Alexander Campos accepting
Introductory remarks by Daniel J. Slive
The 2010 APHA Awards Committee has nominated The Center for Book Arts as the recipient of the APHA Institutional Award in recognition of the Center’s extremely active and accomplished promotion of both traditional printing and the contemporary exploration of the book as art object. Since 1974, The Center for Book Arts has made distinguished contributions to the recording, preservation, and dissemination of modern and contemporary printing history, and has done so through a remarkable education and outreach program. The Center for Book Arts was the first non-profit organization in the United States dedicated to the book arts and has become a model for similar organizations throughout the world. In its thirty-five years, the Center has pioneered many activities that may now seem typical of such an organization: classes on traditional and innovative techniques, galleries and publications dedicated to the book arts, and access to printing equipment and studio space.
Its extensive instructional program offers over one hundred courses, workshops, and seminars in letterpress printing and typography as well as bookbinding and other aspects of book production. Classes available in Fall 2009, for instance, included an introduction to hand typesetting, contemporary letterpress printing, digital letterpress, platen press, monotypes, and four-color printing from polymer plates. In the course of its tenure, the Center has educated and trained thousands of people including artists, teachers, librarians, book conservators, collectors, and others intrigued with, and engaged by, books and their creation. Many of these former students have themselves become teachers and have provided instruction privately, at other book arts organizations, or in academic institutions. Through this extensive and successful instructional program, the Center has contributed to the preservation and promotion of the vibrant art of printing.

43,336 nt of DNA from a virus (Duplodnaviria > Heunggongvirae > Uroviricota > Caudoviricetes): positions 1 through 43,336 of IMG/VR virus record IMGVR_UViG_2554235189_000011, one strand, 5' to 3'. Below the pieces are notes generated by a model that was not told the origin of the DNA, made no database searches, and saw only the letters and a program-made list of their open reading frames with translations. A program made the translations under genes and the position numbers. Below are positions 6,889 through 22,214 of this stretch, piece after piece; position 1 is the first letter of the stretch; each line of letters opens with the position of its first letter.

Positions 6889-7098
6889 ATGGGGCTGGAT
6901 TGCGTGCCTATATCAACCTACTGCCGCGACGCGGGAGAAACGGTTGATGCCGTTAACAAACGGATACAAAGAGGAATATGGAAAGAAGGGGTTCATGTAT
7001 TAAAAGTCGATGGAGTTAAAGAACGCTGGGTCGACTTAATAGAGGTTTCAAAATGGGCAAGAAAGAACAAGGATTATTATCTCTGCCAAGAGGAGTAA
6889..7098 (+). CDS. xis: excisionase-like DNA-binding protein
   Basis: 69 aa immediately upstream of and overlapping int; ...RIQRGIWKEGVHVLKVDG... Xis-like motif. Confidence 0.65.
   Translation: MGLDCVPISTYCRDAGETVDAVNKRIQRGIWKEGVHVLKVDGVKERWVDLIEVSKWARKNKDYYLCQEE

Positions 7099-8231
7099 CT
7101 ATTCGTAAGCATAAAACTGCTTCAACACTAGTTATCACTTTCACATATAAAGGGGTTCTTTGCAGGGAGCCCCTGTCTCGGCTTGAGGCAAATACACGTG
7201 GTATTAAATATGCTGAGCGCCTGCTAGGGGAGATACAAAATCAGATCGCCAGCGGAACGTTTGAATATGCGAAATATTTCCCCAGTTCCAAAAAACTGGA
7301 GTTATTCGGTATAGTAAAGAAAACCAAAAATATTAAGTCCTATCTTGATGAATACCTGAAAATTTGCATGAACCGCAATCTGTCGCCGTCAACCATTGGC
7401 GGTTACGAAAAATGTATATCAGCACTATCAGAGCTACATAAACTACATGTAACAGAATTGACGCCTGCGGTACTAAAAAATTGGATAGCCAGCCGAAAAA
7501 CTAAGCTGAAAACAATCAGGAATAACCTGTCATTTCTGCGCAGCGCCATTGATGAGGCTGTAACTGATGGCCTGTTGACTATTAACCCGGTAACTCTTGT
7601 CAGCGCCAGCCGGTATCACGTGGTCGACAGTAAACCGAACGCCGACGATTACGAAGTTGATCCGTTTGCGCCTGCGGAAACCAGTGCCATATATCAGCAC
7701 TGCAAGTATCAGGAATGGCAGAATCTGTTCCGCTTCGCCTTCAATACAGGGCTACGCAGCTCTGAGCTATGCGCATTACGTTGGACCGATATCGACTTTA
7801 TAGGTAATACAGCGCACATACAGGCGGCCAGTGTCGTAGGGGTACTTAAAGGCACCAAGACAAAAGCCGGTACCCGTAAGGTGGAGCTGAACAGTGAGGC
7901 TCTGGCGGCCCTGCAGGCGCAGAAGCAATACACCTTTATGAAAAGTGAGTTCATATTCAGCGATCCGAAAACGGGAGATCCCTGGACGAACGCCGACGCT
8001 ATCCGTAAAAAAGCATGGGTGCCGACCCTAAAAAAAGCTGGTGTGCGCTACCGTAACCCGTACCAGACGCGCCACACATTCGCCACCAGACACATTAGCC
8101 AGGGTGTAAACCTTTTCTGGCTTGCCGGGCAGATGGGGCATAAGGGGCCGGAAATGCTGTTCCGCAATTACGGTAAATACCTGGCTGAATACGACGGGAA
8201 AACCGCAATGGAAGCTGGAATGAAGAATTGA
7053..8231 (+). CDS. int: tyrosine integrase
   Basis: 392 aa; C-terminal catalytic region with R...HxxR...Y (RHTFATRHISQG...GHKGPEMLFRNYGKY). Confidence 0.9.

The Center’s extensive documentation of modern and contemporary printing is represented by over 175 exhibitions. These have included shows dedicated to individual artists and imprints, production techniques, social and aesthetic themes, and presses from particular geographic regions. A highly selective listing includes individual exhibits devoted to the work of Lynne Avadenka, Julie Chen, Tom Phillips, Claire Van Vliet, and the Whittington Press; shows focusing on printing techniques ranging from letterpress to offset printed artist books to mail art; and a wide variety of thematic shows such as “The Altered Page” (an exhibition of selections from the Ruth and Marvin Sackner Archive of Visual and Concrete Poetry), “Grimm & Grimmer” (historical children’s books and related contemporary artists’ books), and “No More Drama: The Saga Continues” (contemporary artists responding to Latin American telenovelas). The Center has also organized a particularly notable, and perhaps unique, series of exhibitions focusing on different geographic regions of book production in the United States and abroad. These have ranged from the Lower East Side to Northern and Southern California and beyond to Latin America, the United Kingdom, France, Germany, the Netherlands, Switzerland, Russia, and Iraq. In sum, the Center’s exhibition program, often documented by complementary exhibition catalogues, has provided practitioners, curators, collectors, and the general public access to a significant variety of modern and contemporary printing.
The Center for Book Arts’s remarkable record of exhibitions and instruction is strengthened by additional activities supporting the preservation and promotion of printing and the book arts. These include publications, lectures, artist services, access to studios and equipment, and numerous opportunities for printers and book artists to practice and develop their skills and their craft. In nominating the Center for the Book Arts for the APHA Institutional Award, the Nominating Committee is pleased to recognize both the Center’s longevity and the quality of its instruction, outreach, and support programs which have successfully contributed to the promotion of printing and printing history.
It is a pleasure to present this year’s American Printing History Association Institutional Award to The Center for Book Arts